City watchdog the Financial Services Authority (FSA) is revising the way it investigates companies in a bid to make the process clearer and fairer.
The FSA hopes to build a better relationship with companies
The FSA is under pressure to improve its reputation after a series of criticisms for being heavy handed.
In May, Prime Minister Tony Blair said the FSA was "seen as hugely inhibiting of efficient business".
Now the FSA says it will introduce more thorough investigations and give its rulings committee greater independence.
In the past, the watchdog's enforcement process has been criticised for its lack of transparency and the perception that firms do not get a fair hearing from the Regulatory Decisions Committee (RDC).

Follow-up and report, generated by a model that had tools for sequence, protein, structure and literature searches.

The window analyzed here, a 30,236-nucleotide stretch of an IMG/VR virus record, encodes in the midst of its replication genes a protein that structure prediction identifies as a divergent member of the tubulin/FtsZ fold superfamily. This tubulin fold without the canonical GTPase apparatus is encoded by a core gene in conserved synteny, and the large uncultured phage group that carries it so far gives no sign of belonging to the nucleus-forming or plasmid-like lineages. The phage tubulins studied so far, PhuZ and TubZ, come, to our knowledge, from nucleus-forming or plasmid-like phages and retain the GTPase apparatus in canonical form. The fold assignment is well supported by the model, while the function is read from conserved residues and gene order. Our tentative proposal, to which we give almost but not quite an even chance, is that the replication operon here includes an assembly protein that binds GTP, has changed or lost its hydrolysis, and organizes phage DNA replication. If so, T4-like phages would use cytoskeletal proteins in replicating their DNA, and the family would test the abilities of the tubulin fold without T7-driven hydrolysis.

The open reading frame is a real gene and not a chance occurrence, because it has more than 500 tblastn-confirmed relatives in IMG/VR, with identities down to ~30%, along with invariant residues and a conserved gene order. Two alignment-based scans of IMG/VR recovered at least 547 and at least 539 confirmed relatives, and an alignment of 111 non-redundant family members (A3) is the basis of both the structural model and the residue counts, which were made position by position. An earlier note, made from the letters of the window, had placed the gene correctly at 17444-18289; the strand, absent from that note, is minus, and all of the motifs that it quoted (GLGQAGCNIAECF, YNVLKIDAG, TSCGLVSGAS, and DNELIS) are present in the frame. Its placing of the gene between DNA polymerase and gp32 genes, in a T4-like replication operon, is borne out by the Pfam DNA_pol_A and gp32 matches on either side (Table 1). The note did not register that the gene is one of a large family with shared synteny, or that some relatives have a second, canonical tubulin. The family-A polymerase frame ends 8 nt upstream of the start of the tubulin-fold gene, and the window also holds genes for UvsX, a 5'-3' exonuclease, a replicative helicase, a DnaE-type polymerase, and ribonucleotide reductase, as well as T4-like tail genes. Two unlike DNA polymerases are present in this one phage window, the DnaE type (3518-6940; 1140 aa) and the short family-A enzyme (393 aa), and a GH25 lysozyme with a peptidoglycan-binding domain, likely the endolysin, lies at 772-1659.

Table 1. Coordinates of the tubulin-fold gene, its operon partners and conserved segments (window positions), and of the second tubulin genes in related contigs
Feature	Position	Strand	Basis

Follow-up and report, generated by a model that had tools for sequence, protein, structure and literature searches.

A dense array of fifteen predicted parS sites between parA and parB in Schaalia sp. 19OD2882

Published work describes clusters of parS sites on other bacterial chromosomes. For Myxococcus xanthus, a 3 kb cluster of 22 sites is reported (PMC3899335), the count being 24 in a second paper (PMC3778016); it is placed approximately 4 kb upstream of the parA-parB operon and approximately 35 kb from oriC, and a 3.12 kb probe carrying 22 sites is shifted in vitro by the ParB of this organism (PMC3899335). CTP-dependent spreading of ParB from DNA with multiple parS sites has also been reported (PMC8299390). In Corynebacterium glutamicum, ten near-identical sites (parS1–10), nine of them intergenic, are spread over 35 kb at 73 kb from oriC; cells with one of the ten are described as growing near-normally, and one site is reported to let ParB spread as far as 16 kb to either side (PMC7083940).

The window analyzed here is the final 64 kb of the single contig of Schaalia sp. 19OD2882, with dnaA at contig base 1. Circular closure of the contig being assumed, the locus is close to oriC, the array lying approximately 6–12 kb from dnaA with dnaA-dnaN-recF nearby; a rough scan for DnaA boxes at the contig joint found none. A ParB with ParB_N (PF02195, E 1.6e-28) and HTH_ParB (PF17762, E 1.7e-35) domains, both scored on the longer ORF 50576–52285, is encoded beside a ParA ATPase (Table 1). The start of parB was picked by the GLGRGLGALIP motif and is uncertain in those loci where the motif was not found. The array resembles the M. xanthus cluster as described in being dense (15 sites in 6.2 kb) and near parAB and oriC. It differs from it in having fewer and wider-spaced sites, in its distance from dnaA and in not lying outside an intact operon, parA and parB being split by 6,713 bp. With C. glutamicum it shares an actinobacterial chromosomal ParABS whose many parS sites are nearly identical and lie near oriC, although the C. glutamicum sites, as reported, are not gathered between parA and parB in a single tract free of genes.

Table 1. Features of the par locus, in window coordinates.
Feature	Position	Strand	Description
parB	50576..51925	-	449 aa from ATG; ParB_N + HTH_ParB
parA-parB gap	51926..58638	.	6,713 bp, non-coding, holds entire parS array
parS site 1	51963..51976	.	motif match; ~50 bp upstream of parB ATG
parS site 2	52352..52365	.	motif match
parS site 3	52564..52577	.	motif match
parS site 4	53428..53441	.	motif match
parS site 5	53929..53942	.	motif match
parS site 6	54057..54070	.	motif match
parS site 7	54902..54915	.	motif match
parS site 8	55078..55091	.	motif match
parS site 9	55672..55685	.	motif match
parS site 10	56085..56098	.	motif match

Currently, companies are excluded from seeing all information given to the RDC by the FSA's enforcement staff.
After a five-month review of its enforcement process, the FSA has decided that all substantive communication between the enforcement unit and the RDC will now be made available to firms.
This follows criticisms that the relationship between the enforcement team and the RDC was too close, affecting its impartiality.
The FSA said it would publish an annual account of its enforcement performance and will welcome any feedback from those firms under investigation.
It will also offer discounts of up to 30% on fines to firms who offer to settle their cases early.
The planned changes, which will be implemented by the end of the year, will cost the watchdog an extra £2.5m a year.
The FSA was criticised earlier this year when evidence it used in a case against Legal and General was found to be lacking and the £1.1m fine it imposed was halved.
An independent tribunal accused it of launching a "flawed" probe into the insurer.